Aims/Structure. What is religious fundamentalism/absolutism?How/why is this an issue for Social Work?How does religious fundamentalism/absolutism impact on the value base of Social Work, in particular the commitment to anti-oppressive practice?Questions for the future.. Shabina Begum and Denbigh High School.
1. ‘Multiculturalism’s New Faultlines: Social Work and the Challenge of Religious Absolutisms’ Dr Gurnam Singh and Dr Stephen Cowden,
Department of Social and Community Studies, Coventry University, Priory Street, Coventry CV1 5FB
2. Aims/Structure What is religious fundamentalism/absolutism?
How/why is this an issue for Social Work?
How does religious fundamentalism/absolutism impact on the value base of Social Work, in particular the commitment to anti-oppressive practice?
Questions for the future.
3. Shabina Begum and Denbigh High School "There is no reason why the colour of any school's uniform, for example, cannot be used for the jilbab … Schools have to take account of genuine health and safety concerns in subjects such as science or physical education but answers can be found to these practical problems.” (Stephen Sinnot, AUT Guardian: 8/2/06).
4. Multiculturalism: the solution or the problem? Post 7/7, the race relations industry has provided a vital post-emergency service which will have to be continued in the medium to long-term to address the increasing segregation of our communities … The fact is that we are a society which, almost without noticing it, is becoming more divided by race and religion … We are becoming more unequal by ethnicity. If we allow this to continue, we could end up in 2048, a hundred years on from the Windrush, living in a Britain of passively co-existing ethnic and religious communities, eyeing each other uneasily over the fences of our differences
(Speaking at Manchester Town Hall on 22nd September 2006, Trevor Phillips, Chair of the CRE)
5. From ‘race’ to religion? Authentic ‘anti-racism’ for Muslims...will inevitably have a religious dimension and take a form in which it is integrated to the rest of Muslim concerns. Antiracism begins (i.e. ought to begin) by accepting oppressed groups on their own terms (knowing that these will change and evolve) not by imposing a spurious identity and asking them to fight in the name of that. The new strength among Muslim youth in, for example, not tolerating racial harassment, owes no less to Islamic re-assertion than to metropolitan anti-racism…The racist taunt ‘Rushdie!’ rouses more self-defense than ‘Black Bastard! (Modood, 1992 p272)
"The emergence of a 'politics of difference' out of and alongside a liberal assimilationist equality created a dissonance. Similarly, the emergence of a British Muslim identity out of and alongside ethno-racial identities has created an even greater dissonance because it challenges the hegemonic power of secularism in British political culture, especially on the centre-left" (Modood 2005).
6. What is Fundamentalism? Origins in early 20th Century US amongst American Protestants to assert their commitment to the basic tenants of Christianity through a literal interpretation of text (Armstrong 2004).
Literal translation of the term is problematic as the idea of as going back to fundamentals, particularly in case in some non-Western traditions or devotion to key principles, can see how the term could represent virtue
Starting point for fundamentalist claims is cultural relativism, although they end up as absolutist claims
Political in nature - far removed from those religious organisations and individuals that make benign and largely sincere demands for religiosity, spirituality and affirmation of difference.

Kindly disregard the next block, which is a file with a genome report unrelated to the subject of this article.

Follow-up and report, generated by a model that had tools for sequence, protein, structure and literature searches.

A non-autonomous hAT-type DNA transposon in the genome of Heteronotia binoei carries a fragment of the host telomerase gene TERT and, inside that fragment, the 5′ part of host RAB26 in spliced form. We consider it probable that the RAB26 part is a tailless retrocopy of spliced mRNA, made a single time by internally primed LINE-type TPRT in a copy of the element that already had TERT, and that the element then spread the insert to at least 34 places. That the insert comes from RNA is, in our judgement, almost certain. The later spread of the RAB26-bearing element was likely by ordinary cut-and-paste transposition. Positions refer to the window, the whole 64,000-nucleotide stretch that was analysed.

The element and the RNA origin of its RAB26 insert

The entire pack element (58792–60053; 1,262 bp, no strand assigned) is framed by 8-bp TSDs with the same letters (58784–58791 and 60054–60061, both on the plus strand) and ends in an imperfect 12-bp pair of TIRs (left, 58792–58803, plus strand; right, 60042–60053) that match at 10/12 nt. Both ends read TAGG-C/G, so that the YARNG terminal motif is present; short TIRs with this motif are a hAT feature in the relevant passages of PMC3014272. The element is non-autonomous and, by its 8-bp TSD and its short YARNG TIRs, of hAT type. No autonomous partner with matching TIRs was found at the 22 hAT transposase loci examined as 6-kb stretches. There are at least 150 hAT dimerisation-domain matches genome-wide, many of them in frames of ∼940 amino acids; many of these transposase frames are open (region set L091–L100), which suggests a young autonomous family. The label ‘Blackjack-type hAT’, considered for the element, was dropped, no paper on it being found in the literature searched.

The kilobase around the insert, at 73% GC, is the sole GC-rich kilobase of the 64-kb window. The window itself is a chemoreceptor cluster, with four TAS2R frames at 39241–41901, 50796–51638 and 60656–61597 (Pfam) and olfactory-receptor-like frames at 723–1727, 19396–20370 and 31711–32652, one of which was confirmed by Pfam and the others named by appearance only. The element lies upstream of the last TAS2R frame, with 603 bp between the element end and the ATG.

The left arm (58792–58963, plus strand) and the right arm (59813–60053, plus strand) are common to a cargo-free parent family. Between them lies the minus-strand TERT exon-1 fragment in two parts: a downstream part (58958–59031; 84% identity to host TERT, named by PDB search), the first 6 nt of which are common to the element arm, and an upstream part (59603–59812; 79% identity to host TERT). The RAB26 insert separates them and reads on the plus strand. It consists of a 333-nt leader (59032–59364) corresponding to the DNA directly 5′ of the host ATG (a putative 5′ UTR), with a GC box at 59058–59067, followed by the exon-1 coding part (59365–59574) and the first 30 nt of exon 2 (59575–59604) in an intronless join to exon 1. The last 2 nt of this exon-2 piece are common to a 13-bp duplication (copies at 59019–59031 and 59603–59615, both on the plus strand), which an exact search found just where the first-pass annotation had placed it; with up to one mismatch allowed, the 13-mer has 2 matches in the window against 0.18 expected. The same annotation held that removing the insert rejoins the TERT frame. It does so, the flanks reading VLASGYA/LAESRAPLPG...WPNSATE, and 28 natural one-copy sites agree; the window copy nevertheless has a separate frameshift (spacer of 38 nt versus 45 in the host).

7. Fundamentalist movements and modernity Fundamentalist movements are paradoxical: they present themselves as expressions of the primordial, the traditional and the pre-modern, but are in fact adept participants in the political technology of modernity
Fundamentalist movements therefore construct themselves through the language of the past, but are very much products of the contemporary - ‘anti-modernist forms of modernity’.
They seek to re-assert repressive forms of control and regulation and explain social problems in terms of moral degradation and ‘lack of respect’
8. The context of Fundamentalist resurgence
9. The politics of fundamentalist movements Bottom-up
Group like the Muslim Brotherhood in Egypt, operates an effective “from below” strategy, building a base for itself by providing social services to poor communities, and thus building political allegiance and loyalty through that. Top-down
Group like the Exclusive Brethren in Australia provides money and support to political parties and individuals who support a right wing anti-feminist anti-gay “pro-family” agenda. They seek to influence social policy “from above”.
10. Religion and the State in the UK Any attempt to understand the emergence of religious fundamentalism needs to understand the way this is situated with the issue of religion and formation of the British state.
Contemporary manifestations of this have taken the form of both “Multiculturalism” and ‘Postmodernism/Diversity’ policies
11. Multiculturalism and the undermining of collectivism Despite the importance of multiculturalist policies, there was a tendency to “construct a “unified and homogenous picture, both of the culture and the community. This has the effect of reinforcing cultural stereotypes, any contestation of deviation of which was perceived as ‘inauthentic’, but also of promoting group or communal identity” (Segal 2004:53).
"We have a system in which Muslim organisations are in charge of all Muslims, Hindu organisations in charge of all Hindus, Jewish organisations in charge of all Jews and so on." This parcelling out of the nation can only weaken civil society. "In downplaying political and social identities, as opposed to religious identities, the government has weakened civil society precisely when there is a great need to strengthen it." (Amartya Sen 2006)